Fulbright Scholar wants to find sustainable solutions for automotive industry

Iran Hernandez Imbert
Iran Hernandez Imbert

An interest in math and science, combined with a love for cars and a desire to make a difference, is leading a Mercer University alumna to pursue a career in the research and development sector of the automotive industry.

Iran Hernandez Imbert, who graduated in May with a degree in mechanical engineering, recently received a Fulbright Graduate Study Award and will pursue a one-year master’s degree in automotive engineering at Coventry University in England. As part of the award, she will receive an offer of placement at iconic British luxury sports car maker Aston Martin.

She is one of three Mercer students, including Kallysta “Kally” Jones and McPherson Newell, who received a Fulbright U.S. Student Award to study or teach abroad.

“I’m really excited,” Imbert said. “I’m just ready to be there and starting my courses and whatever research I’ll be able to do there as well.”

Imbert’s interest in automotive engineering began at her high school in Kennesaw, where she took some “really cool” math and physics classes. At the same time, she learned how to drive a stick shift on her friend’s Honda Accord sports coupe.

“I thought cars were really cool. I loved learning how to drive a stick shift, and I just wanted to learn more about it,” she said.

Her high school required an internship during her senior year, so she started working in a mechanical engineering laboratory at Georgia Tech studying liquid piston heat engines, which helped move water over long distances.

“They have applications to shuttle water in developing countries, where you have wells in far off places, to get clean water,” Imbert said. “I just thought it was so, so cool that we were doing something that was actually going to be able to be implemented somewhere else.”

At Mercer’s School of Engineering, she worked in the laboratory of Dr. Stephen Hill, associate dean and associate professor of mechanical engineering, on an evaporation box for desalinizing water.

“She came into the lab and helped build the prototype we were working on and did some analysis behind the scenes to see if it would actually work and just jumped in,” Dr. Hill said. “She didn’t get class credit for it, but she was just interested, and she wanted to get involved.”

Imbert is very personable and has a degree of stubbornness, he said.

“She works hard and diligently to get the answer, and it has to be correct,” he said. “I keep telling her sometimes it’s not going to be always right. Sometimes you just have to work the process.”

Imbert also participated in a National Sciences Foundation Research Experience for Undergraduates (REU) at Indiana University — Purdue University Indianapolis (IUPUI).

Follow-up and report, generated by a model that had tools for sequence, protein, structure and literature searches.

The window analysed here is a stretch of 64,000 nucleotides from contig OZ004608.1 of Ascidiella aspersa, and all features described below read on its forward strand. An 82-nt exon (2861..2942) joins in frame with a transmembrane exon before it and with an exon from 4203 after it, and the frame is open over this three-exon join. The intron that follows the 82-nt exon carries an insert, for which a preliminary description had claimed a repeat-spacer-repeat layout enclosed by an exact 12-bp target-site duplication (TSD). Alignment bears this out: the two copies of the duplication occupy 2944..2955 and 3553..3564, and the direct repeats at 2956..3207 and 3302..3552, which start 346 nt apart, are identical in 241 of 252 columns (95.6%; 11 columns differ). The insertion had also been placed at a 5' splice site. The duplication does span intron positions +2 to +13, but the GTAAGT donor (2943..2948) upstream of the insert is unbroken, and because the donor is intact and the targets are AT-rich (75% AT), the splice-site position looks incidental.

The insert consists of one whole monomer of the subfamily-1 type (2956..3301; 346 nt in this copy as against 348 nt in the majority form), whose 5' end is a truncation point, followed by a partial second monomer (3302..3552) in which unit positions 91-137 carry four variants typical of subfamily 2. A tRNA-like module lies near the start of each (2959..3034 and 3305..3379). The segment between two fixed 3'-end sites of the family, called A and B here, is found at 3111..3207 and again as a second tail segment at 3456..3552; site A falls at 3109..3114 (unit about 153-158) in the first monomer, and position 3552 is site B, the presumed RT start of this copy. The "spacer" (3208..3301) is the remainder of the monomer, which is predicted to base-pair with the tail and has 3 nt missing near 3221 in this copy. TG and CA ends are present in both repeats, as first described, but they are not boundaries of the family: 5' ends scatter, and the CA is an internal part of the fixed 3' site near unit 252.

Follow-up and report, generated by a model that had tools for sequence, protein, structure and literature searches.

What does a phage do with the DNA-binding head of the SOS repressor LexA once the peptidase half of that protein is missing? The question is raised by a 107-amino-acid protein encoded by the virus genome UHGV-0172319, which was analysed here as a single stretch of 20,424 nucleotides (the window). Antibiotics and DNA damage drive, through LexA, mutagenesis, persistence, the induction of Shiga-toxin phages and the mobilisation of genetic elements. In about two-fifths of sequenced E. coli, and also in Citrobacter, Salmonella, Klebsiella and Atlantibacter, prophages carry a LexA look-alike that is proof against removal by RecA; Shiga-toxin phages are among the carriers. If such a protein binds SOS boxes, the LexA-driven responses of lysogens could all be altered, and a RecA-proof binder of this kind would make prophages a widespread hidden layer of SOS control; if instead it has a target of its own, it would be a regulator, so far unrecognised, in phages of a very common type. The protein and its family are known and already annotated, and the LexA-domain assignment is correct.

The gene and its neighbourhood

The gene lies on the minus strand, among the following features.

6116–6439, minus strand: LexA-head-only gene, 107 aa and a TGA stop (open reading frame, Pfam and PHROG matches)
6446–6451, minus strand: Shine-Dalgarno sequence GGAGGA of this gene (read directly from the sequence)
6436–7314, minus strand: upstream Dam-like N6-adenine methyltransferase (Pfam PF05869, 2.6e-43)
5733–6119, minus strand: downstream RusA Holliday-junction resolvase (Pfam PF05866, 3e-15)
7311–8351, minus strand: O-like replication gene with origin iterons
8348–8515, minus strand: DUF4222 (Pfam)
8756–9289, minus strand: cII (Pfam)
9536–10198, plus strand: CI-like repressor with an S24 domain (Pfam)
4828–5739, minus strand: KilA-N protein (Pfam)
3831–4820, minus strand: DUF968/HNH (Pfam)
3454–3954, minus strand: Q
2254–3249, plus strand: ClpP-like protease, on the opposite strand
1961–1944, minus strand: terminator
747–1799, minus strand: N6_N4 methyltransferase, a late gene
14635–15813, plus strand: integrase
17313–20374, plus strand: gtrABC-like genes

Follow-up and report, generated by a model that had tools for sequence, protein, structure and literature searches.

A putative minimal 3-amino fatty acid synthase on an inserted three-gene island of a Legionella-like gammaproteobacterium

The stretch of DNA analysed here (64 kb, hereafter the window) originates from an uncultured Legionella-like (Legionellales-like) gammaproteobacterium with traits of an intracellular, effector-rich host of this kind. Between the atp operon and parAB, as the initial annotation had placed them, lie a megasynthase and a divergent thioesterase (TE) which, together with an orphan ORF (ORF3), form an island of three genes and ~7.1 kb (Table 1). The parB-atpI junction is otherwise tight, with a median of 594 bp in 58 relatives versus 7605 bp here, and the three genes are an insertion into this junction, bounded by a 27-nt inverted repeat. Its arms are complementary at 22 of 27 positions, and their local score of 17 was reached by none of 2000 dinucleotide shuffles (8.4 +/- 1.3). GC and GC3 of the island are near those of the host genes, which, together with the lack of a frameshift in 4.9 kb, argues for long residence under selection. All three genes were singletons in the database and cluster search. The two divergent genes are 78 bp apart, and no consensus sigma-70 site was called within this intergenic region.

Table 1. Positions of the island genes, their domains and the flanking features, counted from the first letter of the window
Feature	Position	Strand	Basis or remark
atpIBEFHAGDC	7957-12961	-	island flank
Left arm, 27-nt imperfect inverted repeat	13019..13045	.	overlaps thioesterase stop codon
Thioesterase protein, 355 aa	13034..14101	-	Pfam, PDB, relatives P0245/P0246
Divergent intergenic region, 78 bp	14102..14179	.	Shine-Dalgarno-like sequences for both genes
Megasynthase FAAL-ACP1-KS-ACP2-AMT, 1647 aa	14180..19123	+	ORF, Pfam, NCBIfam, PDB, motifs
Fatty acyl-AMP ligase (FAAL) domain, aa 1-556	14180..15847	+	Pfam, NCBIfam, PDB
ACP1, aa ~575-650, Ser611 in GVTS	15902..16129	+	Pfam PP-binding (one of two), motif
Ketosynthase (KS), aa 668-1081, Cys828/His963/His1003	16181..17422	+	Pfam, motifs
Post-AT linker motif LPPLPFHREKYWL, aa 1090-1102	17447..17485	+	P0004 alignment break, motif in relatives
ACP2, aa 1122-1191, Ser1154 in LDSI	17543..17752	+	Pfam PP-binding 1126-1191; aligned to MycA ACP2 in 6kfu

During the REU, Imbert researched reinforcing carbon fiber composites through electrospinning.

“The idea is that it would eventually be strong enough to replace aluminum in cars and aircraft,” she said. “So if you replaced the aluminum, it would make the aircraft lighter, which means you spend less fuel per flight, and you also can increase the life of the plane.”

Imbert said she felt like she was part of the team at IUPUI; her name was included in published research, and she won a poster contest.

“I felt very humbled by that, but I was also very proud of it, you know, that I was able to be part of a team that was really doing research that I thought was really cool,” she said.

Later, at a STEM Summit, Imbert met a man who worked in research and development at Ford Motor Co. She asked him how she could get a job like his, and he recommended that she get a Ph.D. Imbert plans to pursue her Ph.D. at Duke University after completing her master’s at Coventry.

By working in research and development, she hopes to find more sustainable sources of energy for vehicles.

“I really love cars, and I love the mechanics behind them, but I also realize that they’re this huge contributing factor to pollution, and they’re not very sustainable for our planet,” she said. “I want to focus on continuing to develop clean and sustainable forms of technology for the automotive industry.”

Imbert said she wouldn’t be satisfied if she had a job that she liked but at the same time was harmful in some way.

“I always wanted to do something that I felt was important and I felt was making a difference or making an impact,” she said. “It makes me excited at the idea to be able to help in that way and be able to be part of a team that’s like, ‘Hey, we came up with this solution,’ and two years later it’s in the car driving down the street, and it’s producing solutions or making the world a better place.”

This won’t be Imbert’s first time traveling to England. She studied abroad at the University of Sussex in Brighton and enjoyed it so much that she became a study abroad ambassador.

While at Mercer, she also was a student leader at Mercer ESPN Broadcasting, a club soccer player and treasurer of the Aces Up Card Club.

Dr. Hill said he was excited to learn that Imbert received the Fulbright award.

“I knew this is what she wanted to do — automotive engineering — and she found a place where she could actually do it, and I know she’ll do well,” he said.


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